Defence Force Structure Review
Database House Hansard
Date 09-10-1991
Source House of Reps
Parl No. 36
Electorate HUNTER
Interjector Mr Bilney
Page 1538
Party ALP
Questioner Mr FITZGIBBON
Responder Mr HAWKE
System Id chamber/hansardr/1991-10-09/0033

QUESTIONS WITHOUT NOTICE - Defence Force Structure Review

Mr FITZGIBBON —-My question is directed to the Prime Minister. In May the Government announced a Defence Force structure review. What progress has been made in implementing that review? What does the review mean for the ADF's capability to deploy forces overseas?

Mr HAWKE —-I thank the honourable member for Hunter for his question. I was very proud last week to be able to go to Brisbane with the Chief of the General Staff to launch the national recruiting campaign for the ADF's new Ready Reserve scheme. This is a fine, new, innovative scheme. The defence chiefs are to be congratulated for the way in which they have come up with a proposal which is going to be effective and a cost efficient way of providing the defence forces with the highly skilled and highly motivated people that they need to discharge the important tasks which they carry out on behalf of this country.

May I say that I was very impressed by the enthusiasm of the young students in Brisbane who are in their final years of high school. They took a very keen interest and indicated that they would be very interested in participating in the scheme. The Opposition is against those contributions from the defence chiefs and the clear interest of the young people of this country. The Opposition, as usual, has done nothing but carp against this scheme.

It is going to be very interesting at some time in the distant future finally to hear what the Opposition's policy is. You will recall, Mr Acting Speaker, that in January of this year the Leader of the Opposition promised us an urgent--his word--review of the Opposition's defence policy. It is now October. That gives some idea of the Opposition's sense of urgency.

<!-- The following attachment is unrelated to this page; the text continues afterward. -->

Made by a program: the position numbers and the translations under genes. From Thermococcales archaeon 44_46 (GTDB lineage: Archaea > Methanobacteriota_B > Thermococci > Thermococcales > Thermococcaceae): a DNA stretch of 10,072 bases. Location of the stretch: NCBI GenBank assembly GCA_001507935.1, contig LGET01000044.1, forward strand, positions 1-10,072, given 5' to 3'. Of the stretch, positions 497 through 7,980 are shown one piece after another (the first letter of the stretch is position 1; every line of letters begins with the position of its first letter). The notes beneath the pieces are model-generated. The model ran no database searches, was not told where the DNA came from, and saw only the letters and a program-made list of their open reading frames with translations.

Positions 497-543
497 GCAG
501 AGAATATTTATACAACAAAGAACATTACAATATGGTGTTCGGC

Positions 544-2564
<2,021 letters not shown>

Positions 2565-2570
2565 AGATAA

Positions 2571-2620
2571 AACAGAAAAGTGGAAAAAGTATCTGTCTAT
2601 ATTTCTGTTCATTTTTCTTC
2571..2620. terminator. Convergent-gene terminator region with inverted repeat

When the Leader of the Opposition was in Washington in July of this year he gave his hosts a very clear idea of what his defence review would be about. He spoke very big to impress his hosts. The language was large. He said that the Gulf war raised questions about our capacity to operate in other parts of the world. He said that the Opposition would `address the issue of our capability to participate in such operations in other parts of the world, and our capacity to do so'. After being in Washington and talking large to his hosts, he returned to Canberra. And back here in Canberra things started to look different. At least they do to his defence spokesman. In case members of this House do not know--

Mr Bilney —-Who is it?

Mr HAWKE —-It is Senator Durack. Last month he had something to say about it when he was talking to the RSL. This is what the defence spokesman, after the large talk of the Leader of the Opposition in Washington about what the Opposition would do about overseas contributions, said:

The direct defence of Australia must always be the first priority to be satisfied in buying defence equipment. Equipment which provides other capabilities, like the capacity to operate far from our shores, must take a lower priority.

It looks as though Senator Durack has dumped the Leader of the Opposition or the Leader of the Opposition has now had another think. He has probably discovered that the flash rhetoric that he used in Washington does not quite match up with the hard fiscal realities.

We have the position that the grand strategic vision that he outlined to his host in Washington does not quite match the job he has to do when he sits down to try to make his tax policy work. The postures in Washington of this amateur strategist had to give way to the modelling with a computer which he sits down and fiddles around with as he tries to work out where he is going with his tax policy. The fact is that the defence of Australia is, and has been, our first priority.

But, as distinct from the Opposition, this Government understands that, by providing for the defence of Australia in a careful and balanced way, we can at the same time equip ourselves to play a relevant and responsible part further afield, and the initiatives of Senator Robert Ray's force structure review will enhance that capability.

I conclude on this point: I ask you, Mr Acting Speaker, and I ask members of this House to note that, this very day, HMAS Sydney is on duty in the Red Sea in support of United Nations sanctions against Iraq; Australians are playing a major role in monitoring Iraq's compliance with the disarmament provisions of the United Nations cease-fire resolution; a detachment of some 40 members of the ADF is deploying to the western Sahara as members of a United Nations team overseeing a settlement there; and we expect that, within a few weeks, ADF signallers will join the United Nations advance mission to Cambodia to help pave the way for a comprehensive settlement there--and we wish them well, as they are further living proof of the relevance, the effectiveness, of this Government's defence policy.